The liquidator will become the chairperson and must keep minutes of the meeting. These minutes must record who is present and be filed with the Australian Securities and Investments Commission within one month of the meeting.
To be eligible to be a Committee member, creditors must be represented:
- by an attorney, or
- by a person authorised in writing by the creditor.
Committee members are not able to obtain personal gain by virtue of the position they hold. If they do, then a creditor may apply to have the transaction set aside. The Court has the power to approve transactions before they are entered into, which can only go ahead if approved.
Reports to Creditors
Creditors will almost invariably receive a written report, or a number of reports, from the liquidator.
Contents of reports:
- An Initial Report is likely to be no more than a brief introduction and advice of the liquidator’s appointment.
- Subsequent reports should be in more detail commenting on:
- strategy of realisation of assets
- success in realisation of assets
- summary of Report as to Affairs
- statement of Receipts and Payments
- details of the basis of the liquidator’s charges, and
- results of investigations.
- Verbal reports are given to creditors when:
- they contact the liquidator’s office directly
- at a meeting of creditors.
Meeting of Creditors
If required to do so by at least 10% of creditors, then a liquidator must convene a meeting of creditors. The costs will be borne by the party requiring the meeting, unless either the Court or the Committee of Inspection approved the cost as being an expense of the liquidation.
If the liquidator decides to call a meeting then the cost will be an expense of the liquidation.
Other than the 10% requirement above, there is no compulsory obligation on a liquidator to call a meeting.
HOWEVER, the liquidator is likely to call a meeting to:
- report on matters of substance
- seek creditors’ agreement to a course that the liquidator proposes to undertake
- obtain funding
- obtain approval of remuneration (if there is no Committee)
- seek information
- obtain authority to enter into long term agreements – s477(2B), and
- compromise a debt due to the company exceeding $100,000 – s477(2A).
Calling of the Meeting
Creditors must be given 14 days notice of the meeting, which can be sent by:
- personal delivery
- prepaid post
- fax, or
- DX – document exchange.
From 1 January 2008, creditors may also receive notices by electronic means if they so request – s600G.
Within 7 days before the meeting, the notice of meeting must be advertised in a daily newspaper circulating in a state where business was conducted by the company at any time during the two years immediately before the meeting.
Other than to
- elect a chairperson
- accept proofs of debt, and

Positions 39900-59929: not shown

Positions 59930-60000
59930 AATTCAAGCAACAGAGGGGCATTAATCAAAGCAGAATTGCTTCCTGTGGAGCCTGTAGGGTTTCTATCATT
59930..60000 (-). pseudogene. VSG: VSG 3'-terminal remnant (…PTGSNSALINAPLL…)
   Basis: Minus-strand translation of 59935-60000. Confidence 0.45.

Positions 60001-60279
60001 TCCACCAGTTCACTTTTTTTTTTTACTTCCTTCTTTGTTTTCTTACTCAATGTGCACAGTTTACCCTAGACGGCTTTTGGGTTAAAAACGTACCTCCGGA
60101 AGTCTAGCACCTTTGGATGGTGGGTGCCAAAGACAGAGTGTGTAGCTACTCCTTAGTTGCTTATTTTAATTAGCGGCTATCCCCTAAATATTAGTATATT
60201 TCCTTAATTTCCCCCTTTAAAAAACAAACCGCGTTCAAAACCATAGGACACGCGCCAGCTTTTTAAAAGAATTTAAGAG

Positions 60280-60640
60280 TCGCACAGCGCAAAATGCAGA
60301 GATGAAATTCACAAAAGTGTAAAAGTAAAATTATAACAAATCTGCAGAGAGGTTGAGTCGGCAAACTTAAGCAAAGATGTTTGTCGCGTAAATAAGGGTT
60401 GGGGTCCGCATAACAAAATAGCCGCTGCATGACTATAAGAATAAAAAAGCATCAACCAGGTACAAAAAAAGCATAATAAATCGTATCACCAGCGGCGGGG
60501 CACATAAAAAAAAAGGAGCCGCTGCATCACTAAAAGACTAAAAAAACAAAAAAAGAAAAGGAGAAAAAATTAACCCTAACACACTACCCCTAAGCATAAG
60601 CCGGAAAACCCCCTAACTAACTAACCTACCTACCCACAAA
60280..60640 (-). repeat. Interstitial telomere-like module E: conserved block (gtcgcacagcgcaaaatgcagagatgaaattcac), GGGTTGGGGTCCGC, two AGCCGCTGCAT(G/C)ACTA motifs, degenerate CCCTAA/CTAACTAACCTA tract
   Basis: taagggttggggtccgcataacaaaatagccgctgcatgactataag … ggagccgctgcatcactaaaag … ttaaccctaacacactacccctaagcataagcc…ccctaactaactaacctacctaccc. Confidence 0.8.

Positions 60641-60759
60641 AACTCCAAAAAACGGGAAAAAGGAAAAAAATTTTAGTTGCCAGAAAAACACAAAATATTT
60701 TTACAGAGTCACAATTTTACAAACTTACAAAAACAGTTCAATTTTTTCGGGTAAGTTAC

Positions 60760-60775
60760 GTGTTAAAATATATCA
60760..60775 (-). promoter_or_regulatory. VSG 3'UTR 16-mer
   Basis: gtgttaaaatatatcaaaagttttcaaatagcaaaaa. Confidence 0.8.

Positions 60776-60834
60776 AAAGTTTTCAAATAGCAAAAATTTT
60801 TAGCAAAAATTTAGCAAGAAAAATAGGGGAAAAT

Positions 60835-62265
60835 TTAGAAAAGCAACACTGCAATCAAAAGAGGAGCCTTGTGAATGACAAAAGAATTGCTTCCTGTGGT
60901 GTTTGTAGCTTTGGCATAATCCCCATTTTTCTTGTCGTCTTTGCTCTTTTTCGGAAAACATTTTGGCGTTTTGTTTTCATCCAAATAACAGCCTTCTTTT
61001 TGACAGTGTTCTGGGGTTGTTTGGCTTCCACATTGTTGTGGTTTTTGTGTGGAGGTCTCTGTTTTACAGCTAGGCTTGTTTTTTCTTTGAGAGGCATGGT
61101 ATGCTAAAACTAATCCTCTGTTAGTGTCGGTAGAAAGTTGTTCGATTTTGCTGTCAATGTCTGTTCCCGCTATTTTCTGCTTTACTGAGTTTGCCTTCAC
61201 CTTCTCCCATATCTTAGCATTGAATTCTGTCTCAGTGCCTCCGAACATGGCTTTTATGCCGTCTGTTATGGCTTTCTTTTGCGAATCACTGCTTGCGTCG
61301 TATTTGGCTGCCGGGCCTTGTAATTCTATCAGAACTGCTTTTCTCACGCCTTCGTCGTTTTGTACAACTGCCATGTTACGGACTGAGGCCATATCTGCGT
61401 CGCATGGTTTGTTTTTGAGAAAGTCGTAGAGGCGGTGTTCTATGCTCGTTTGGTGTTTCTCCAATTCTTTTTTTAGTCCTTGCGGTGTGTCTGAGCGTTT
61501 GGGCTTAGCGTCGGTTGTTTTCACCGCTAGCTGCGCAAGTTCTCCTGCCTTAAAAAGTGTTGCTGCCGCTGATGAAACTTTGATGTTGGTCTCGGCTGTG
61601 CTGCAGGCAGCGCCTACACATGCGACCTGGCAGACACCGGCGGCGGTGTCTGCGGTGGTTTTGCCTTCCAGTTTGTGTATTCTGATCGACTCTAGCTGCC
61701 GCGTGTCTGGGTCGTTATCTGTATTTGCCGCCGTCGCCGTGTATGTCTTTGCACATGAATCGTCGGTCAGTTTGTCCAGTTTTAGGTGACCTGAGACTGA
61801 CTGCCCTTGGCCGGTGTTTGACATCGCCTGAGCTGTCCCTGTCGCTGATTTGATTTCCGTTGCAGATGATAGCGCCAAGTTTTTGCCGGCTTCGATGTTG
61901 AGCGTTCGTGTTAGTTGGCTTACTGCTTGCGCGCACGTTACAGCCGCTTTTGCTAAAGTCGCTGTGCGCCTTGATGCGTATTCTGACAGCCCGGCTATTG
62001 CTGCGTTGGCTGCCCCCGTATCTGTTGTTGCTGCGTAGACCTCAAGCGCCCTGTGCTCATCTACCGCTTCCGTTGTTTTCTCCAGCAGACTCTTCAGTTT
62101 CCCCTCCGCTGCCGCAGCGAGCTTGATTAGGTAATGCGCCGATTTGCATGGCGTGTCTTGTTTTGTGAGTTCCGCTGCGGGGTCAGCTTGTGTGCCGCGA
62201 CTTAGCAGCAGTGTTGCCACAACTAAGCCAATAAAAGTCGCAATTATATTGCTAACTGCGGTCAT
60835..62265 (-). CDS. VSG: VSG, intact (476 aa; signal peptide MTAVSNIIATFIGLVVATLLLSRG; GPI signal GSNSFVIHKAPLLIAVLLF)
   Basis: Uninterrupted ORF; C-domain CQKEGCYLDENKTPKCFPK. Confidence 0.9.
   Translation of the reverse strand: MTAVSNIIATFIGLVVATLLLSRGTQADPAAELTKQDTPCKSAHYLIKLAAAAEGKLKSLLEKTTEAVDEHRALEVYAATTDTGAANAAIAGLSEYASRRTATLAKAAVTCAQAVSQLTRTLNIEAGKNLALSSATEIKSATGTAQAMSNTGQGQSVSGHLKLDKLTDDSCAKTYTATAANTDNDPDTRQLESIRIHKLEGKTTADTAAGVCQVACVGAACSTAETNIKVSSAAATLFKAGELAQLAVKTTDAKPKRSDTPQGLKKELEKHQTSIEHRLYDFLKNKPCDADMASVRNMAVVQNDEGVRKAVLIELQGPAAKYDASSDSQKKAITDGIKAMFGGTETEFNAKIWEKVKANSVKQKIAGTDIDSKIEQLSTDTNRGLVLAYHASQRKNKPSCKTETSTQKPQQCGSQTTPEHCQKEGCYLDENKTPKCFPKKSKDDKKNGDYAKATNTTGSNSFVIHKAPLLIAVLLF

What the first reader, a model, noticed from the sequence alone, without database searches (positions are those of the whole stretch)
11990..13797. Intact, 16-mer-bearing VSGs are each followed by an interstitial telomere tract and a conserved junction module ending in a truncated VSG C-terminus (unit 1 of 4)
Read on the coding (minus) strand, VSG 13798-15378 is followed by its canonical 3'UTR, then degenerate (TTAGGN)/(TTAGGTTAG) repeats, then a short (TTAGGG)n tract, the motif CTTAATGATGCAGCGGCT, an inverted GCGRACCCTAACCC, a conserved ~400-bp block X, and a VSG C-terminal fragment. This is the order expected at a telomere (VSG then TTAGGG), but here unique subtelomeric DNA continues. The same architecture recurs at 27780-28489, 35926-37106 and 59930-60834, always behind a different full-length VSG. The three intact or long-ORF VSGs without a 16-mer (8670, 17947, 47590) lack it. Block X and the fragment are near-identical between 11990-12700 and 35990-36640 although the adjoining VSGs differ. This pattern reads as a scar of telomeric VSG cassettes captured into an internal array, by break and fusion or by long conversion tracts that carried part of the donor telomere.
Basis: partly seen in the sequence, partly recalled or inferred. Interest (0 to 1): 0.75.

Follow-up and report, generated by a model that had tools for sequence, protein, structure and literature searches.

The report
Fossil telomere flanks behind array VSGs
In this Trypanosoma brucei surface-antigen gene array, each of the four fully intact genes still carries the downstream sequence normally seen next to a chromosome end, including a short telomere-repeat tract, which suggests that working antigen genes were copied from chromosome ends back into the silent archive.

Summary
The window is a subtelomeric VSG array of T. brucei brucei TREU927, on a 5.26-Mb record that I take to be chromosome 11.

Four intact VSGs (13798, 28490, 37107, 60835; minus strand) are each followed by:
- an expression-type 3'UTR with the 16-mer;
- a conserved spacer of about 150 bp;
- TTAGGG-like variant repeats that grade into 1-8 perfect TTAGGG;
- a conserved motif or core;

- adjourn the meeting,
a quorum must be present before a meeting can start. If the number of persons entitled to vote is 2 or more, then a quorum is at least 2 of those persons (personally or by proxy). If only one person is entitled to vote, then a quorum consists of that person.
The meeting must start within 30 minutes of the time nominated in the notice of meeting otherwise it is adjourned to:
- the same day, time and place the next week, or
- the day the Chairperson nominates being not less than 7 days and not more than 21 days after the day of the adjourned meeting.
Creditors may force an adjournment of a meeting to another day and place.
Resolutions will be decided on voices, unless a poll is called for before the result of the voices is declared by:
- the Chairperson
- 2 persons participating in the meeting, or
- by a person holding at least 10% of total voting rights of all people entitled to vote at the meeting.
If a Poll is conducted, a resolution is carried if supported by a majority in number and value. The Chairperson has a casting vote.
A liquidator must send to the creditor with the notice of meeting a form of Proxy.
Creditors can appoint any person over 18 years of age to act as the proxy. If the proxyholder is the liquidator, or an employee or his/her partner, then the proxy cannot be used for the approval of the liquidator’s remuneration if it is to be paid out of the assets of the company.
A company can only participate in a meeting by appointing a proxy.
The lodgement of a proxy by facsimile is in order, so long as the original is also lodged within 72 hours after lodging the faxed copy.
The convenor of the meeting can require proxies to be lodged prior to the commencement of the meeting, but not more than 48 hours before its commencement.
Who May Vote?
Creditors must have lodged with the Chairperson details of their debt before they can vote. The liquidator may require a formal proof of debt.
In addition, the Chairperson must admit the debt for voting purposes, before the creditor can participate in the meeting.
Creditors cannot vote in respect of:
- an unliquidated debt or claim
- a contingent debt or claim, and
- a debt where the value of it has not been established unless a just estimate of its value has been made.
Secured creditors can only vote for the difference between the value of their security and the amount actually owed.
If a secured creditor votes in respect of his or her debt or claim, the creditor will be taken to have surrendered its security.